Lawn Mower Fuel Guide: Gas, Diesel & Propane Benefits

Purchasing a new zero turn mower? If you're reading this article, you're likely pondering your various mower engine fuel choices. If so, we have lots of helpful information to share.

Let's start with what this article is and what it is not. Expect to better understand the benefits and compromises you will experience with each fuel type so you can make an informed buying decision. We will not make a final recommendation as the "best" fuel choice, since that will depend on your unique situation.

Diesel Lawn Mowers: The longer lasting machine choice

There are several benefits and advantages with using diesel fuel mowers. Diesel engines run more efficiently than gasoline engines, so your cost per hour is reduced. Better still, service intervals are longer. Engine oil and air filters do not need to be changed as frequently, and overall wear and tear is typically reduced. With proper care, serviceable engine life is three to four times your other commercial mower engine choices.

Extended life doesn't come cheap. Of the three engine/fuel combinations, diesel comes with the highest up-front price tag. The engine itself is more expensive, and diesel fuel tends to cost more per gallon. Ultimately, you will want to consider the amount of hours you use your lawn care equipment to determine the long-term effect of this trade off. Diesel is a great choice for frequent use but may not be for less used lawn mowers.

Fuel accessibility is also an important consideration. You'll find fuel for a diesel engine zero turn lawn mower at just about any local filling station. Many municipalities and some larger lawn care businesses have a full stable of diesel equipment already, so adding a diesel mower would keep things simple. Besides the convenience, there's less chance of using the wrong kind of fuel in a pre-established diesel environment.

Propane Lawn Mowers: The preferred alternative fuel machine choice

The propane zero turn mower saw a surge in popularity a few years ago, especially as gas prices soared.

One of the main benefits of using propane is its relatively low environmental impact. This green fuel burns on average 35 percent cleaner than gas. Free of carbon build-up, propane engines last about 25 percent longer than gas models. Many municipalities, government agencies, and colleges specify propane-burning lawn mowers on their contract bids as part of their sustainability efforts. Lowering your carbon footprint could turn out to be a competitive advantage for you.

Because it is stored in tanks, refueling a propane-equipped mower is as easy as disconnecting one tank and connecting another. This means less downtime and no chance of spilling. It also reduces the chances of pilferage compared to a container of gasoline.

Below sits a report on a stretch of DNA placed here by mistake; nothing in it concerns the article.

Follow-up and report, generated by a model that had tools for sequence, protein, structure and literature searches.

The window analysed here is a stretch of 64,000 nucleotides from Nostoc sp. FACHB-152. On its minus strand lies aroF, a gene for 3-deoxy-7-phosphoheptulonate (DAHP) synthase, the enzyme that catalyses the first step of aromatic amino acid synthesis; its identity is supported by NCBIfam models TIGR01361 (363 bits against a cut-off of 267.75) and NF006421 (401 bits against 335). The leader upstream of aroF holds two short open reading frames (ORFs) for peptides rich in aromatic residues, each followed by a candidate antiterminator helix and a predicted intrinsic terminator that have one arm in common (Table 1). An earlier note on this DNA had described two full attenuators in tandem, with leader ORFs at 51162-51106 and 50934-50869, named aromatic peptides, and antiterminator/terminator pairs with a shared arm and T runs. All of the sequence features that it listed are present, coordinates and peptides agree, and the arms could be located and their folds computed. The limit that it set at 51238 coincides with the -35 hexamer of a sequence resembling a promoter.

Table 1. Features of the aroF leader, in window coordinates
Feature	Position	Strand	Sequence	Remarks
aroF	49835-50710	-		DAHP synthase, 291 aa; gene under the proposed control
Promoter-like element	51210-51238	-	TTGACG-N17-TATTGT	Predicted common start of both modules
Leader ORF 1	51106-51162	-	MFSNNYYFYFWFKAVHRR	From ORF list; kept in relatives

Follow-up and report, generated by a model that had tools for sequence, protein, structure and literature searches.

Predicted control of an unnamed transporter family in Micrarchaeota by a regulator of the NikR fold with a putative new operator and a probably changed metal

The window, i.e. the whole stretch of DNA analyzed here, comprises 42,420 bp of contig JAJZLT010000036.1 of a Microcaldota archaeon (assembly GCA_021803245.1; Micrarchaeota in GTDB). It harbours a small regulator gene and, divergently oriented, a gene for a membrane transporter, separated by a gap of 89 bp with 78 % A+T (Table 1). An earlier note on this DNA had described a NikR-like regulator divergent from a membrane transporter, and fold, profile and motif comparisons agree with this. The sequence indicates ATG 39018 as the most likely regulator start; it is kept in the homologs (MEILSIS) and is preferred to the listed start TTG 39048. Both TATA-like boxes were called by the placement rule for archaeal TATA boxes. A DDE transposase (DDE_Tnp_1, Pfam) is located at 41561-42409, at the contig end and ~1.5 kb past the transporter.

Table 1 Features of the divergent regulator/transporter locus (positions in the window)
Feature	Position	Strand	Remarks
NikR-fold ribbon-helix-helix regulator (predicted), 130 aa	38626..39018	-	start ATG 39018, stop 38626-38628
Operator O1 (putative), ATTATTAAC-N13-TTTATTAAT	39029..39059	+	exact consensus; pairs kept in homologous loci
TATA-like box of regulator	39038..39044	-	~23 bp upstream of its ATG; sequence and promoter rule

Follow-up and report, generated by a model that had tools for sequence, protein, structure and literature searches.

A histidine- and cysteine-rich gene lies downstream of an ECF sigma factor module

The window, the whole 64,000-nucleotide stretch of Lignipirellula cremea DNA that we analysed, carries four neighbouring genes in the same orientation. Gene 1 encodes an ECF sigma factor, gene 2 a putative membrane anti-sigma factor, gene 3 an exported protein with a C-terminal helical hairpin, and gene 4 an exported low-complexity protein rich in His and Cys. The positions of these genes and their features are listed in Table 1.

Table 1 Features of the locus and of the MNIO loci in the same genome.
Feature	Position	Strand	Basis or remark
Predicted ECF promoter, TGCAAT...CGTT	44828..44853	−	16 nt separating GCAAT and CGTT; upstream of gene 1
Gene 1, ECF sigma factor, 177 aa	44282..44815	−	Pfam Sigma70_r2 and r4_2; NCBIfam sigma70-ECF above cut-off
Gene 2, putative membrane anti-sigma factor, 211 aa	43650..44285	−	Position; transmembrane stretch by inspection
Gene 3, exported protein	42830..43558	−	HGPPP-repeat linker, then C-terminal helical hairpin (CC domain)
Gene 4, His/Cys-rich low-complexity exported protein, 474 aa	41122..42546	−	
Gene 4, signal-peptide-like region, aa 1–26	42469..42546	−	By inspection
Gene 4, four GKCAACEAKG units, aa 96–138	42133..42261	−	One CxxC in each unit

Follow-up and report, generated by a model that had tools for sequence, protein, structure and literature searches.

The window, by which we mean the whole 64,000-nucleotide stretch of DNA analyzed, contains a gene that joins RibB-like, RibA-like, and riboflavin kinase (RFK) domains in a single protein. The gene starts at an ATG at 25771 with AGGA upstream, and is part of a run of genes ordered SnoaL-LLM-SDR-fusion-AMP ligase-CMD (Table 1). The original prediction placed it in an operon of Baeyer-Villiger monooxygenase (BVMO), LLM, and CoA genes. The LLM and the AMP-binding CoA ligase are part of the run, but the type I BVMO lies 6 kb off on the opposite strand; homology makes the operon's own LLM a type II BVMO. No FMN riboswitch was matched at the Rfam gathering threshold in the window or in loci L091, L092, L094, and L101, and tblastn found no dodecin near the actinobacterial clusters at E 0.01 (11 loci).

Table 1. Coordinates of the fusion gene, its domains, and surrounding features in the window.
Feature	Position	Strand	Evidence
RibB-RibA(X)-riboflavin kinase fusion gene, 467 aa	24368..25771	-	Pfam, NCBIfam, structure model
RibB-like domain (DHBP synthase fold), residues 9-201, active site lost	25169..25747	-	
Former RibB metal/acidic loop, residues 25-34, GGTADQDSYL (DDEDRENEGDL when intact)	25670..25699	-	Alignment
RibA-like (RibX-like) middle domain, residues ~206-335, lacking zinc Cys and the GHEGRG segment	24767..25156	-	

The initial price of a new commercial propane mower falls between your two other choices. That said, you may find grants, third-party rebates and incentive programs tied to your investment in clean burning lawn care equipment. Be sure to look into tax credits, as well.

Going green has its challenges. Lawn mower propane isn't nearly as easy to find as gas or diesel. The fuel tanks are very specific and can vary between lawn mower brands. This necessitates stocking your own tanks and getting them filled or having ready access to a tank exchange. If you run out of propane on the job, you'd better have a spare tank on hand. The nearest gas station (and several others in the vicinity) most likely won't be able to help you.

Gasoline Lawn Mowers: The keep-things-simple machine choice

America's love affair with gasoline continues to defy every logical argument against it. That's because it presents the path of least resistance. For many, that's the most compelling argument to stick with tried and true unleaded gas.

Convenience is one of the main benefits of using gas in a lawn mower. There is no shortage of fuel stations, so filling up can be done on the way to the first job of the day, between jobs or whenever you have a few minutes to spare. Taking your personal car to the filling station? Bring along an extra couple fuel containers and fill them up at the same pump.

Gasoline engines aren't as low maintenance as your other options, but most small engine repair shops only work on gasoline engines, so it's easier to get service when you do have a problem. If you happen to know a thing or two about engine repair, it's most likely a gasoline engine.

Investment wise, gasoline powered commercial zero turn mowers have the lowest up-front cost. New EFI (Electronic Fuel Injection) engines, such as the ultra efficient Vanguard™ 810cc EFI found on some Ferris lawn mowers, continue to supplant carbureted models. They offer increased engine efficiency and reduced service intervals, making gas less of a compromise.

For many commercial lawn care operators, unless there is a demand for one of the other fuel types, simplicity may win out.